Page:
Anthony petitions for his slave, John Casar, in 1654. The deposition of Capt. Sam’ll Goldsmyth taken 8th of March 1654 saith that being at the house of Anth. Johnson negro about the beginning of November last, to receive a hog head of tobacco, a negro called John Casar came to) this dep’t and told him that the came into Virginia for service, or eight years per judgement and that he had demanded his freedom of Anth. Johnson his master and further said that he had kept him his servent and the charge then he should or ought and desired that this dep’t would see that he might have no wrong where upon your dep’t demanded of Anth. Johnson his indenture the said Johnson answered he never saw any the negro replied when he came in he had an indenture Anth. Johnson said he had the negro for his life, but Mr. Robert and George Parker said they know that the said negro had an indenture in one Mr. Careys hand, on the other side of the bay, further the said Mr. Robert Parker and his brother George said (of the said Anth. Johnson did not let the negro go free) the said negro John Casar would recover most of his cows from him the said Johnson then Anth. Johnson (as this dep’t did suppose) was in fearce (FOLIO 226) (upon this discourse) Anth. Johnsons son in law, his wife, and his own two sons, persuaded the old negro Anth. Johnson to set the said John Casar free more saith not.
Sam’ll Goldsmyth Teste Edm. Matthews clk cur Walczyk, Frank V. transcriber, Northampton County Virginia, Orders, Deeds, & Wills, 1651-1654 Book IV.
Peter’s Row, New York. 1971. Pg. 192-193.

Document C:

Anthony returns to court over John Casar, in 1654. Where as complaint was this day made to the court by the humble petition of Anth. Johnson negro agt.

Mr. Robert Parker that he detaineth one John Casar a negro the plaintiff servent (under pretense that the said John Casar is a freeman) the court seriously considering and maturely weighing the principles do find that the said Mr. Robert Parker most instly. Keepeth the said negro (John Casar) from his said
master Anth. Johnson, as appeareath by the deposition of Capt. Sam’ll Goldsmyth and many probable circumstances. Its therefore the judgement of the court and ordered that the said John Casar negro shall forthwith be returned into the service of his said master Anthony Johnson and that the said Robert
Parker make payment of all charge in the suit atr exec. Walczyk, Frank V. transcriber, Northampton County Virginia, Orders, Deeds, & Wills, 1651-1654 Book
IV. Peter’s Row, New York. 1971. Pg.193.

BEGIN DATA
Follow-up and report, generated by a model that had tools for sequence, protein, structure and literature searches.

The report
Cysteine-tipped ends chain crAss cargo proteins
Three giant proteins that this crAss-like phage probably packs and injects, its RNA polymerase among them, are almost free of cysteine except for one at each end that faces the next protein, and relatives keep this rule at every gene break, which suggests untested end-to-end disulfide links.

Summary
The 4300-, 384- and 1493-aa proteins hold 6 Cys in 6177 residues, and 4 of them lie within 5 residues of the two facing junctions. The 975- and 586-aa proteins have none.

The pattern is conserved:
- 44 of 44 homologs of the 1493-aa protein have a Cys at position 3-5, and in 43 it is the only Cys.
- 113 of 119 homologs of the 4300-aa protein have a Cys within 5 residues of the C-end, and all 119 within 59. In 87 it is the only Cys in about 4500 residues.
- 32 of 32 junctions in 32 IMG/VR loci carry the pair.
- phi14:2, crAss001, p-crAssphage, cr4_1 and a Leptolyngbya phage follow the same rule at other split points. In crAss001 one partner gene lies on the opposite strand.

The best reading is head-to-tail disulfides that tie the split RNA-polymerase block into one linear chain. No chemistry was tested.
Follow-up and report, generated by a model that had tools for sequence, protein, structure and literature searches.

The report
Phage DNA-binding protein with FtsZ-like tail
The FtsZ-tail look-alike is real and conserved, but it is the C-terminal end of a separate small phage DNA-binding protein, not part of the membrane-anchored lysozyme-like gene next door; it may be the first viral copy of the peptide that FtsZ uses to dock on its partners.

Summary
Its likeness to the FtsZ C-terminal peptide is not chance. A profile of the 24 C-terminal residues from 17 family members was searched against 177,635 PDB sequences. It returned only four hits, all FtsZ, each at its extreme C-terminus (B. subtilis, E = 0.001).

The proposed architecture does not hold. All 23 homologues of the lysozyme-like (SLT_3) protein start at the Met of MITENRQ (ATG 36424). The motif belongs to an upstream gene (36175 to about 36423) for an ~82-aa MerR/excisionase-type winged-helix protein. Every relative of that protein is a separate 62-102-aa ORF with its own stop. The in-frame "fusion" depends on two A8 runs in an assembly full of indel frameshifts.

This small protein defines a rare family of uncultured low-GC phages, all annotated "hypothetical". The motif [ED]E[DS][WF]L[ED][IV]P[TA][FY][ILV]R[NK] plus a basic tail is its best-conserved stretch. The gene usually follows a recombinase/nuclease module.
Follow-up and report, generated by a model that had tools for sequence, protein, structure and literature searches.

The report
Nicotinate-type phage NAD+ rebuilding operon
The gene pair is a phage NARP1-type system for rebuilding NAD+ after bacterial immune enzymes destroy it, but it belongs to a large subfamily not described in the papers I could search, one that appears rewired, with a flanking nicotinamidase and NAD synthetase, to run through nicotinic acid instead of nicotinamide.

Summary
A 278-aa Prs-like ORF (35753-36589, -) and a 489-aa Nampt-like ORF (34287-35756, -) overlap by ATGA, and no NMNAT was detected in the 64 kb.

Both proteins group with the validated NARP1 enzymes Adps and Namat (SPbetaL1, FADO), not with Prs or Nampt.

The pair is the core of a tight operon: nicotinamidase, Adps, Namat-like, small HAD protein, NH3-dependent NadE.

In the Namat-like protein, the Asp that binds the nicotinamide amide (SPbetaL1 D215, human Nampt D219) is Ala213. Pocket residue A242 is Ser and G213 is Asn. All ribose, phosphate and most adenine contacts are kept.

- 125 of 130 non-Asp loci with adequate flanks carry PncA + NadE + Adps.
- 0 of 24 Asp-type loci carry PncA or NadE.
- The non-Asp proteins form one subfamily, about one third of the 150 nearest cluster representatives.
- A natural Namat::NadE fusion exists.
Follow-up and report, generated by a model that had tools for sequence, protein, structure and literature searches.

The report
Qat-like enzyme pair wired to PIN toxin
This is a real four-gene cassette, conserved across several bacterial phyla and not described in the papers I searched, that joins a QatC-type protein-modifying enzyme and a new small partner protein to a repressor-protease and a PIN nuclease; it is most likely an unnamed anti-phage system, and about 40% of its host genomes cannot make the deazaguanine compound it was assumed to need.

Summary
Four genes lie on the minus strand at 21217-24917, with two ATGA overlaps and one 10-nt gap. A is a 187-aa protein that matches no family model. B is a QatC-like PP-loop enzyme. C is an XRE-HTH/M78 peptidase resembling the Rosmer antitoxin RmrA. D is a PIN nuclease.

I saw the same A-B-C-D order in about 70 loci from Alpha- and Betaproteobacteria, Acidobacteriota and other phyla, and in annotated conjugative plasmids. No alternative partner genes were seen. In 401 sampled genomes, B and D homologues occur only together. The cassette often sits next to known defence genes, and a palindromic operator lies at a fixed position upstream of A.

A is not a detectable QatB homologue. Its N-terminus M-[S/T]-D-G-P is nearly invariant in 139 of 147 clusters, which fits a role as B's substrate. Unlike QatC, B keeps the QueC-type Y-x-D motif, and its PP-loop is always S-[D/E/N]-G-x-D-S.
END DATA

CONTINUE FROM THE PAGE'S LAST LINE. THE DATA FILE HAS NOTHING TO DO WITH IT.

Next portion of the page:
Some African Slave History: 1st Colonist to Own Slave for Life was Former Black Indentured Servant

Slavery inside Africa was rampant long before Europeans began their infamous slave trade routes. Huge numbers of Africans were enslaved by Africans and when the slave went astray from his Black master’s wishes, the punishment was often harsh. Islam bought and sold/provided slaves under the rule of Islamic law. No one in the early known histories of the planet is void of slavery of one type or the other. In the American colonies of the 1600s, the first slave-for-life as ruled by a court, was owned by a former Black indentured servant, brought here from Angola.

Anthony Johnson was captured by slave traders in Angola. We do not know the color of the slave traders. He was sold as a slave to a White businessman in Virginia and worked in tobacco fields.

At this time in the history of the American/British colonies, slavery was considered “indentured servitude.” There was a contract, and after a period of time, the indentured servant was freed. That’s what happened with Anthony (Antonio) Johnson. Johnson’s owner released him, gave him a plot of land to farm, but before that happened, he married female slave, Mary, who worked on the same plantation. After about 14 years, both were freed and about 15 years later moved to Northhampton County, Virginia where Anthony Johnson became a successful businessman, eventually owning 500 acres and 5 “indentured servants.” Two-hundred and fifty of his 500 acres came from a “headright” claim.

Johnson was sued by one of his indentured servants, John Casor, for being held in servitude beyond his contracted period. Casor lost the case and is documented as the first person in the colonies to be declared a “slave” by a court. In the lawsuit resolution, Johnson received Casor’s servitude as a “servant for life (1653).

John Casor indentured servant

Johnson’s life took many twists and turns but by 1665 he was living in Somerset County, Maryland where he started his tobacco farming business – named TORIES VINEYARDS.

Upon Johnson’s death, his property was seized with a court allowing the seizure by determining that a freed Black man could not be a “citizen of the colony.” His surviving family was allowed to keep some land. Eventually, his grandson lost it all by not paying taxes. Lesson: just because you have been a slave, doesn’t mean you don’t want a slave for yourself.